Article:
Fossil Vertebrates of the Swan Coastal Plain

DRB Nats, 8 March 2024

Dr Thorn is a technical officer at the Western Australia Museum, where she manages the terrestrial vertebrate collection (birds, mammals, reptiles, and amphibians). She shared her love of vertebrate palaeontology with descriptions of early 1900s explorations and her own experiences in caves up and down the WA limestone coast.

Thorn explained the various ways that animals can become trapped in cave bottoms to accumulate dead bodies and soils for research. Eminent researchers were Mr. E Le Soeuf, who discovered Mammoth Cave in the Margaret River region, and Kimberley. Then, 40 years later, Ernest Lundelis, a patron of the Flinders University Palaeontology Society, rose to prominence by looking at pitfalls and owl pellets for a mixture of fur and bones.

Thorn shared that not only could it check what animals eat rodents, but 7000 years of vegetation identified when mammals like the Western Bandicoot disappeared, and the Southern Brown Bandicoot rose to prominence. Devils’ fossils <1000 years old were found in Wedges Cave, a 1955 habitat now restricted due to housing.

We were astonished to learn about WA’s fauna diversity, including that WA had the youngest Thylacine fossil in Australia. Short-faced Kangaroos, Common Wombats, a Koala with dimples, and numerous snake skeletons have been discovered. The Wonambi Snake was described by First Nations peoples as a possible rainbow serpent because it was bigger than an Olive Python.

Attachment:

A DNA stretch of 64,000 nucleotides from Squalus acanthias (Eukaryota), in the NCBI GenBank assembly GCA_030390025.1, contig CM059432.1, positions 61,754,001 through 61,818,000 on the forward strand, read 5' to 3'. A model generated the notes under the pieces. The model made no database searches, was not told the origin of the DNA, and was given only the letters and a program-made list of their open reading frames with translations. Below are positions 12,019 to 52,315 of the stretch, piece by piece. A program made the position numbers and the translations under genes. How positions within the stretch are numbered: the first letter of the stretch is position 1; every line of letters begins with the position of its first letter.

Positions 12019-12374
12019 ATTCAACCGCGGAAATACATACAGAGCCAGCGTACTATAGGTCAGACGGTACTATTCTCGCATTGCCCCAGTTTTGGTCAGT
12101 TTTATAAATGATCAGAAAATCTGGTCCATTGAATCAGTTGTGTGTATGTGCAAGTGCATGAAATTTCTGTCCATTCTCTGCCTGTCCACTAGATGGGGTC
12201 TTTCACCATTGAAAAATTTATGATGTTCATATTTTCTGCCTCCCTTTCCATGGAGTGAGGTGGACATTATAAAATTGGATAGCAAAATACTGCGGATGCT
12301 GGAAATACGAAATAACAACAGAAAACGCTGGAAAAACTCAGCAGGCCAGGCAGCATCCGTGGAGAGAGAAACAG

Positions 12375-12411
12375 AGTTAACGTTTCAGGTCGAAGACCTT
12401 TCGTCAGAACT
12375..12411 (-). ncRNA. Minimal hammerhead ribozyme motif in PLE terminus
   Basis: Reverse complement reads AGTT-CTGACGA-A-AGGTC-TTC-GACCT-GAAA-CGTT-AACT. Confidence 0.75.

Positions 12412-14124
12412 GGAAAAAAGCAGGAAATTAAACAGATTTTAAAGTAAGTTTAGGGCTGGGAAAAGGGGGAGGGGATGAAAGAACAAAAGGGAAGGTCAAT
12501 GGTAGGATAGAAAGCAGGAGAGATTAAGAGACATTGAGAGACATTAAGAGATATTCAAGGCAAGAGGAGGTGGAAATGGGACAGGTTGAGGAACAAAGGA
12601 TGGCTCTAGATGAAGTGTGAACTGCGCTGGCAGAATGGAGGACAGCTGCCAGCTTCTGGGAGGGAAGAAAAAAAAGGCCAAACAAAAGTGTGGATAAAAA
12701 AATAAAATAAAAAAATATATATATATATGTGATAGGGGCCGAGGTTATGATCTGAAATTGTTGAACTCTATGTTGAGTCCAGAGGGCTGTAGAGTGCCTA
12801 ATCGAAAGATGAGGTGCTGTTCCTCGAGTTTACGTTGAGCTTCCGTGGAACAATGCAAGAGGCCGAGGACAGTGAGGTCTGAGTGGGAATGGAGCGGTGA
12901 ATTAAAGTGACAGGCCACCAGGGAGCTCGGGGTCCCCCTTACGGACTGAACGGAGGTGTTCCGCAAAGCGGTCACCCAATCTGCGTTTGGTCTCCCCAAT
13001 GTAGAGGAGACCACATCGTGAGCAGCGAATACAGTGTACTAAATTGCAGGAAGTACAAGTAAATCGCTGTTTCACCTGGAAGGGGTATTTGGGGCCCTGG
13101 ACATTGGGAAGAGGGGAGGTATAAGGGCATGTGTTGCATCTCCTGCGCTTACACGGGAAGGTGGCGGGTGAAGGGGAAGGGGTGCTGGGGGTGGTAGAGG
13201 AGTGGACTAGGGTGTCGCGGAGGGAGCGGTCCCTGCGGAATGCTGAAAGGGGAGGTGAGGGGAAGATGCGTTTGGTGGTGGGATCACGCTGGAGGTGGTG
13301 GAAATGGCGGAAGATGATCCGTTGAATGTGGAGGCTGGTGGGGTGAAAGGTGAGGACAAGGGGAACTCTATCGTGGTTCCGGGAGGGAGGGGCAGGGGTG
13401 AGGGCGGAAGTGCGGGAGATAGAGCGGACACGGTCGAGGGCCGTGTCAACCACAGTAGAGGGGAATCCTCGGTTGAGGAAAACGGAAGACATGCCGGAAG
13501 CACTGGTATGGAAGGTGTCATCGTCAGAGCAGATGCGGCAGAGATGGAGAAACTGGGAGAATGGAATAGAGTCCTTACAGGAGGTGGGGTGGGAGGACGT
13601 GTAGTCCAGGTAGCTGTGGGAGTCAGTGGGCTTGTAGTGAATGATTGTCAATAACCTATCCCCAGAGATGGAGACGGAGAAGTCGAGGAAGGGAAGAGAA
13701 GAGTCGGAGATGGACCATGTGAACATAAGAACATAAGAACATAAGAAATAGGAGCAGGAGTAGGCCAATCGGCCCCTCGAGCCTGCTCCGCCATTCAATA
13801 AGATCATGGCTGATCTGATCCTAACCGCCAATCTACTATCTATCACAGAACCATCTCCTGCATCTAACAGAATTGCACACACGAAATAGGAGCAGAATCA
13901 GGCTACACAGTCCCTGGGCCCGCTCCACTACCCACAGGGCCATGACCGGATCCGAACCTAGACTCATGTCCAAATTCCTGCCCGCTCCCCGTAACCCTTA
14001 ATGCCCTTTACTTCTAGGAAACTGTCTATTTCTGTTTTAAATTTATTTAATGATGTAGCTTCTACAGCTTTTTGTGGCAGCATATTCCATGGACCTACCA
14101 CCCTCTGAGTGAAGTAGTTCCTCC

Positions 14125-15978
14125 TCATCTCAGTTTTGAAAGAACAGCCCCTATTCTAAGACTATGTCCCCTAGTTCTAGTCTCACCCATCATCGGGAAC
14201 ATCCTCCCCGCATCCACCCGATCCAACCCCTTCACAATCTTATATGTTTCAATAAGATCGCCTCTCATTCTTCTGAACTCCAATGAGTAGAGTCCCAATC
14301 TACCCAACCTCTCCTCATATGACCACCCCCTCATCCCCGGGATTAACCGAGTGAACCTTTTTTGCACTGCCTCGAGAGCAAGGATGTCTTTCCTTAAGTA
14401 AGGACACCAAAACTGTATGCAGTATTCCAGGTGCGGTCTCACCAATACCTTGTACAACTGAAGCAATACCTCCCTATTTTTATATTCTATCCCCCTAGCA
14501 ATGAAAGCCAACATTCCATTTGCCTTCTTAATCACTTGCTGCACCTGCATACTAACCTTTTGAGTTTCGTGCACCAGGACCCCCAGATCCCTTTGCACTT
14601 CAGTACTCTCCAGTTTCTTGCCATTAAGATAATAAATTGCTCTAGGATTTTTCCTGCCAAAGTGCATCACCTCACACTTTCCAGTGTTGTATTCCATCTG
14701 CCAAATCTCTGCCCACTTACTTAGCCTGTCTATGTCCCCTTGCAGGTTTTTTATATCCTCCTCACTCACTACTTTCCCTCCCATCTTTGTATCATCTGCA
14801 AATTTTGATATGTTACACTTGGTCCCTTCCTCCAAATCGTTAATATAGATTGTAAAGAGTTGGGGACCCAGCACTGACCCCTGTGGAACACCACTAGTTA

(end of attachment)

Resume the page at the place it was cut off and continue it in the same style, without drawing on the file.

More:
She explained that on one dig, specimens of over 4,000 skulls and bones were obtained in a small specimen bottle, and she had hundreds in the photograph—quite a scientific puzzle. She also identified that instructing support staff to use the same-sized sieve or record when any equipment change occurs is most useful for accurate research data.

Finally, Thorn covered how anyone can apply for a Miner’s Right to dig for surface fossils @$29.50 from DMIRS and explained the dos & and don’ts of being safe and responsible when seeking out private or indigenous land areas to dig. Crown land, state forests, and national parks are forbidden from taking fossils. On Rottnest Island, you are encouraged to take photographs and leave fossils in place. This is vital so palaeontologists can return after examining their digging finds and replicate places and conditions at different times. The museum will identify a fossil for you and, if unusual, can ask to retain it for their extensive collection.

Arlene Quinn